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Digby Chick, Stornoway, restaurant review

Donald Walker enjoys a memorable first visit to Digby Chick, the last word for fine food in Stornoway.

Published: August 9, 2016
Food: 
8/10
Ambience: 
0/10

Bucket lists tend to vary depending on what stage of life the compiler is at. An ambitious list for one person might include witnessing the Northern Lights, spotting the “Big Five” in Africa, or climbing Mount Kilimanjaro.

For another, aspirations might have a different slant: writing a book, learning a language, or retiring to the country.

"The three types of fish were topped off by a pair of mighty impressive langoustines who may have been dispatched but still hadn’t given up the fight"

After ten years of gazing longingly through the windows of Digby Chick restaurant while on holiday in the Western Isles, there was a dawning this year that getting over the threshold was high on a list that I didn’t even know my weary brain cells had been compiling. The Numskulls must have been busy, because I also left the island clutching a Harris Tweed jacket. Tick.

If this suggests a man of simple pleasures, then so be it. Years of seeking out child-friendly venues take their toll, and when briefly freed from the tyranny of Pom Bears and Fruit Shoots, even a bag of chips at the harbour can seem like decadence. And this holiday, at last, was to be The Year of The Chick.

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It doesn’t take long for the first-time visitor to Stornoway to become aware that Digby Chick has a reputation as the best restaurant in town. Some would say it is the best restaurant on the island, although Scarista House down in Harris would also lay claim to that accolade, and on the west side, Auberge Carnish overlooking Uig Sands is another fabulous dining experience, but looks set to close this year.

And there we find one of Digby Chick’s great strengths. It is a long-term fixture, and local feedback confirms its standards are consistently high all year round. To charge city prices in a remote community, and stay in business long-term, you have to be good.
The restaurant name is unusual for an area where the Gaelic language is strong, and employed to great effect.

In contrast, Digby Chick sounds urban; half solicitors’ office, half boutique store. But in fact the name alludes to the restaurant’s speciality, seafood – Digby is in Nova Scotia, where Digby chick means dried or smoked herring.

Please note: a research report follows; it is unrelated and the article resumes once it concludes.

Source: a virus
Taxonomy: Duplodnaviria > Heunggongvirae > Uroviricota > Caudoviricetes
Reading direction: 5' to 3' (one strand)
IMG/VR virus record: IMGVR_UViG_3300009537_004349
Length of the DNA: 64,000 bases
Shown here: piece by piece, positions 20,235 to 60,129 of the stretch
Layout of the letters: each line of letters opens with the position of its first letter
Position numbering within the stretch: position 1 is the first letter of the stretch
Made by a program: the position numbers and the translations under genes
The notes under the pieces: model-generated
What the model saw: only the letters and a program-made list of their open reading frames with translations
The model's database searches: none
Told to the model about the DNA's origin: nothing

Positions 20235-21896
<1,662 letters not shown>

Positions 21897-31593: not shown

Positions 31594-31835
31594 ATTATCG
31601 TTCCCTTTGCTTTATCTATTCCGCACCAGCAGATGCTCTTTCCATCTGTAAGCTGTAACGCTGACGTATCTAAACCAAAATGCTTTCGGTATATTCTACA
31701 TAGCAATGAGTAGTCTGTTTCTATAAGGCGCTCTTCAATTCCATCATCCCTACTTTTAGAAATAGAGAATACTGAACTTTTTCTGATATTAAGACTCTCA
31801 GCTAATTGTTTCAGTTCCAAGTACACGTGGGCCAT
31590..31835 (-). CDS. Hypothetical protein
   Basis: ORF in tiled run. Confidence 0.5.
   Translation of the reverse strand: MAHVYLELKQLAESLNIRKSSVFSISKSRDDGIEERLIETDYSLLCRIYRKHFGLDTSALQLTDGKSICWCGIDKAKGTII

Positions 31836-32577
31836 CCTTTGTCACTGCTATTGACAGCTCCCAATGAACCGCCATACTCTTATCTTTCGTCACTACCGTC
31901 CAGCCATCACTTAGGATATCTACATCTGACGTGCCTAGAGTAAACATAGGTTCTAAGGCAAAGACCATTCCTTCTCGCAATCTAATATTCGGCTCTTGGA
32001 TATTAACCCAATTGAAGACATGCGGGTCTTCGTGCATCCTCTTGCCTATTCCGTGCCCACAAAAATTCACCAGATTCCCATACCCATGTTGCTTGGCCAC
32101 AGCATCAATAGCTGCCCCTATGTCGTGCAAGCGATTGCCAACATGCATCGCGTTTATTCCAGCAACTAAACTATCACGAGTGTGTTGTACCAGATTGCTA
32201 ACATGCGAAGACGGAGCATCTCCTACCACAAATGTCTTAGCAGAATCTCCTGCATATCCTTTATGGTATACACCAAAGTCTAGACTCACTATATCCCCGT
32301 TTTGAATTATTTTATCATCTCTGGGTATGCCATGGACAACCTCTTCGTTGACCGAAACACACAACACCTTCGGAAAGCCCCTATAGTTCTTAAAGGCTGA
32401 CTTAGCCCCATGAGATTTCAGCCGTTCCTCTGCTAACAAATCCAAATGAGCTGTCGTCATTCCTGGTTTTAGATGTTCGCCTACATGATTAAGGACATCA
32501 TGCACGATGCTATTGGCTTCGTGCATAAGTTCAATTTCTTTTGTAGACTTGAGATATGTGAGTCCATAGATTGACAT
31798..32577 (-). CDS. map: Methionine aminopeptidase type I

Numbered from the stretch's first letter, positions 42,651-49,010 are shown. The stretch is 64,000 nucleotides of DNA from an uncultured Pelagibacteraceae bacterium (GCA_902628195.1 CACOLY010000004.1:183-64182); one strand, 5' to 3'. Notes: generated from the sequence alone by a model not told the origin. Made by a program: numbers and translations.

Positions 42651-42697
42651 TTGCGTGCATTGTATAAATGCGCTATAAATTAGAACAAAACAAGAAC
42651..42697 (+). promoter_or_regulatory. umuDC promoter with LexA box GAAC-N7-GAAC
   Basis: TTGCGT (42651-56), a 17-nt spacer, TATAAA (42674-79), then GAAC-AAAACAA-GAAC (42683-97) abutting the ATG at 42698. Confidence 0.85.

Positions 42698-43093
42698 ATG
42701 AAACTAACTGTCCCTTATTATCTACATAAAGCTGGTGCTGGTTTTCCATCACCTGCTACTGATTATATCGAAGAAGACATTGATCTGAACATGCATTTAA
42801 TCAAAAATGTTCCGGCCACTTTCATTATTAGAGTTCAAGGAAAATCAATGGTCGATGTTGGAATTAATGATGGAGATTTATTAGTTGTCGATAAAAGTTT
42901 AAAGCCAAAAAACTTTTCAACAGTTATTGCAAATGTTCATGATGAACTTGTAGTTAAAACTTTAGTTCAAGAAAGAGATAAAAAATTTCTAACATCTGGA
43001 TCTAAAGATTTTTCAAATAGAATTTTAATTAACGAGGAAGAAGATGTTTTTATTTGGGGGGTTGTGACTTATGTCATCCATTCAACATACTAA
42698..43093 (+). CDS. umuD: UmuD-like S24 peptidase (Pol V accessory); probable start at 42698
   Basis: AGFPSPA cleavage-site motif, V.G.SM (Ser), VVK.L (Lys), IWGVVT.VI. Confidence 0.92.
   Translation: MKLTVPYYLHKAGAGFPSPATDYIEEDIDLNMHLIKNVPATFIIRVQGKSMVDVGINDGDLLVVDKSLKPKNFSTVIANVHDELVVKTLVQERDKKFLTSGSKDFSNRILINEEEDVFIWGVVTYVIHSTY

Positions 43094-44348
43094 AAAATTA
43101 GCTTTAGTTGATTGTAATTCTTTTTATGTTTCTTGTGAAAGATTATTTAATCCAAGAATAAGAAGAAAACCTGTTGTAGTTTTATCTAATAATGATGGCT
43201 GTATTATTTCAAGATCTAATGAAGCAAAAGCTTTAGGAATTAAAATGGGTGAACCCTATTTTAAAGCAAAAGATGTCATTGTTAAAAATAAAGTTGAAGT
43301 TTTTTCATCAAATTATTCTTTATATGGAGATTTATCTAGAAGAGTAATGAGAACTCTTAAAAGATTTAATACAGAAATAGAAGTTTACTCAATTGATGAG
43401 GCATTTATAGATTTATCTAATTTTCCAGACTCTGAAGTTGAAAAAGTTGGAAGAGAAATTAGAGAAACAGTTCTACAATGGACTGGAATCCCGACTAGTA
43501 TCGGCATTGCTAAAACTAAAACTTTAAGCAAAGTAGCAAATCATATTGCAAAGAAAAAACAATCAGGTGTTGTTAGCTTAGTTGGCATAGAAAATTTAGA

Stornoway was once a centre for the herring industry in Scotland, and fittingly, Digby Chick sits by the harbour where they were landed. The interior is modern and stylish, and diners can enjoy a drink at the bar before taking their table. What better way to start the night than with a glass of Isle of Harris Gin, an inspired new creation infused with sugar kelp which looks destined to be a serious hit, spreading the good word about this special part of the world?
The menu offers three broad options: set menu (good value at £29.95), à la carte and steak menu, with the additional attraction of a specials board.

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The dining area is relaxed without being too informal, and has the feel of luxury with comfort rather than the solemnity of fine dining, and that first impression proved to be accurate, pleasingly.

Anticipation was running high when our starters arrived. The spinach and ricotta soufflé with feta and mint salad, accompanied by hazelnut-coated asparagus, was as delicate as it should be, although the sweet coating detracted from what should be the distinct flavour of the asparagus, and in truth wasn’t necessary.

However, there were no complaints about the pan fried scallops in garlic, mushroom and cumin seed butter with caramelised cauliflower purée and cheddar scone. Exquisite, I was informed gleefully.

If I felt I had missed a trick with my starter, there was no cause for regret over my main course from the specials board: the platter of local fish and shellfish in garlic butter with fresh herb bashed potato and crisp leek. The three types of fish were topped off by a pair of mighty impressive langoustines who may have been dispatched and cooked but still hadn’t given up the fight. I am happy to report that eventual victory was sweet and the platter was superb: a genuine special.

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On the other side of the table, the peppered loin of venison with haggis, Yorkshire pudding, balsamic and maple bacon and Savoy clapshot, with juniper jus, proved that Digby Chick isn’t just about seafood. The Yorkshire pudding could easily have been omitted but otherwise the dish could hardly be faulted.

Dessert offered the exotic and the traditional, and we shared a chocolate cheesecake with a ball of nut-encrusted ice cream. It was terrific, but by this stage, our minds were already made up. Digby Chick is a bucket list “tick”. And one day, hopefully, it will become a double tick.

Digby Chick
5 Bank Street,
Stornoway HS1 2XG
Tel: 01851 700026
www.digbychick.co.uk

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